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Price Gouging: What You Should Know in 2020

Photo by Mick Haupt on Unsplash

Among the many news stories about the novel coronavirus that causes COVID-19 are reports of stores or individual sellers engaging in “price gouging.” There are numerous complaints from would-be buyers about this practice. While this time may appear to be a great opportunity for you to make a profit off of items in short supply to which you have access, think twice before setting your prices.

From the man in Virginia who bought up truckloads of hand sanitizer to resell to the couple buying cases of Clorox wipes from Costco every day with plans to sell them online, news outlets and everyday citizens are reacting with disgust to those who are seen not as free market users capitalizing on supply and demand, but as greedy persons taking advantage of a national crisis.

The future loss of sales from this negative publicity could easily outweigh the quick profit you make today. However, more than your reputation is at stake.


This is because price gouging can carry serious legal penalties. In fact, it is now a federal offense. Moreover, you can be sure that agencies are already starting their investigations into the practice, and prosecutions in this area are already starting to rise. Many US attorneys have announced their plans to immediately begin prosecuting these cases after receiving guidance to do so from Attorney General William Barr.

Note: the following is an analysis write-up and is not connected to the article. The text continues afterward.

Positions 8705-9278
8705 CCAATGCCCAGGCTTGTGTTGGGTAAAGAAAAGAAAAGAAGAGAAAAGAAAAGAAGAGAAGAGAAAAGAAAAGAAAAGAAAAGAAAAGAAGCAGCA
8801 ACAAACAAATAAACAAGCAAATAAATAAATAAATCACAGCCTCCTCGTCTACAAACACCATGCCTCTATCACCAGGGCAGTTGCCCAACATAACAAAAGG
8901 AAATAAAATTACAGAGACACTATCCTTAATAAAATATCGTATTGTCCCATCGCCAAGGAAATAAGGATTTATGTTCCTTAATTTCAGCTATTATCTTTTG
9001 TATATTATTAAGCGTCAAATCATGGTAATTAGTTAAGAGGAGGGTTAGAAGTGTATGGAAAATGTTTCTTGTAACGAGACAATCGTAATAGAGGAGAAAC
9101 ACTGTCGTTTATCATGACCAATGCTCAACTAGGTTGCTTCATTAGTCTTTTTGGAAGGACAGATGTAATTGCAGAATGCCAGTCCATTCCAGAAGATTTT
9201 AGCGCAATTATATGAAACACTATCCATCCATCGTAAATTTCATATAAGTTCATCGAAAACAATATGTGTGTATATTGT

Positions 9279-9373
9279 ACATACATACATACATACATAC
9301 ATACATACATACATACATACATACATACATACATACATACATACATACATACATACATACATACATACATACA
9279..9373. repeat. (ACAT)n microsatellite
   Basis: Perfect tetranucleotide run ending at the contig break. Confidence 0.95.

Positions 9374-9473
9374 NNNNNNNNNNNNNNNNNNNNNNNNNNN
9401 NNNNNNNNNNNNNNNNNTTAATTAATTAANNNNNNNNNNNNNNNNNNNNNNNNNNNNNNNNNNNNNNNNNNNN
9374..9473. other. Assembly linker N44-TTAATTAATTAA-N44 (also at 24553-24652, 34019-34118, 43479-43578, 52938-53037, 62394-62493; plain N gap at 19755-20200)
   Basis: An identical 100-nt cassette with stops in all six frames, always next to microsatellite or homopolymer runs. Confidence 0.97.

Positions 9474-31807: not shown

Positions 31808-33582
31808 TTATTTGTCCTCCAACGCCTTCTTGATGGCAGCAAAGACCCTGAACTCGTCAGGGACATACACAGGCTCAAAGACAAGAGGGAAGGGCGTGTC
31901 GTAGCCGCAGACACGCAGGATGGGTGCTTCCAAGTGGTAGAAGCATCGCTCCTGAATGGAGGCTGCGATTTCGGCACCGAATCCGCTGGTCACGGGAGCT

Dr. Nick Oberheiden is a federal defense attorney who represents clients who are facing allegations of price gouging or other forms of illegal competition in investigations conducted by the Attorney General, the Federal Bureau of Investigation (FBI), the U.S. Justice Department (DOJ,) and other federal agencies in cases across the United States. If you have been accused of price gouging, consider reaching out to him for help.

Q. What is “Price Gouging”?

A. Many states have long had laws against charging “unconscionable” prices in the period before or after an emergency, such as a hurricane or other major weather event. The federal government does not have a general law against price gouging, despite repeated efforts by some legislators to have such a bill passed.

However, the federal government does in fact have the power to prevent hoarding and price gouging in certain situations to protect the national defense.

Now Is an Extraordinary Time

Only recently, President Trump activated the Defense Production Act. That law allows the President to, among other things, designate certain items as scarce materials or materials the supply of which would be threatened by accumulation.

Such items then may not be accumulated “(1) in excess of the reasonable demands of business, personal, or home consumption, or (2) for the purpose of resale at prices in excess of prevailing market prices.”

You can read the full executive order here.

Q. But Can’t I Sell Items at Any Price If Someone Is Willing to Pay for It?

A. Normally, that’s true in the United States. People in the US generally take pride in capitalism. What’s more, they frown on government interference in private transactions. However, the free market is never truly “free.”

Right now, many items cannot be found for purchase at all. For example, such items as N95 masks and other PPE are desperately needed by medical personnel as they diagnose and treat patients who are infected with COVID-19. Suppliers simply cannot keep up with the demand. Often, price gouging is at the root of this dilemma.

Moreover, the problem has been getting worse as more people come to fear price gouging in the future. Medical providers, private citizens, and potential resellers alike try to buy all of these products they can as soon as they are restocked. This is because they fear being unable to get those items later.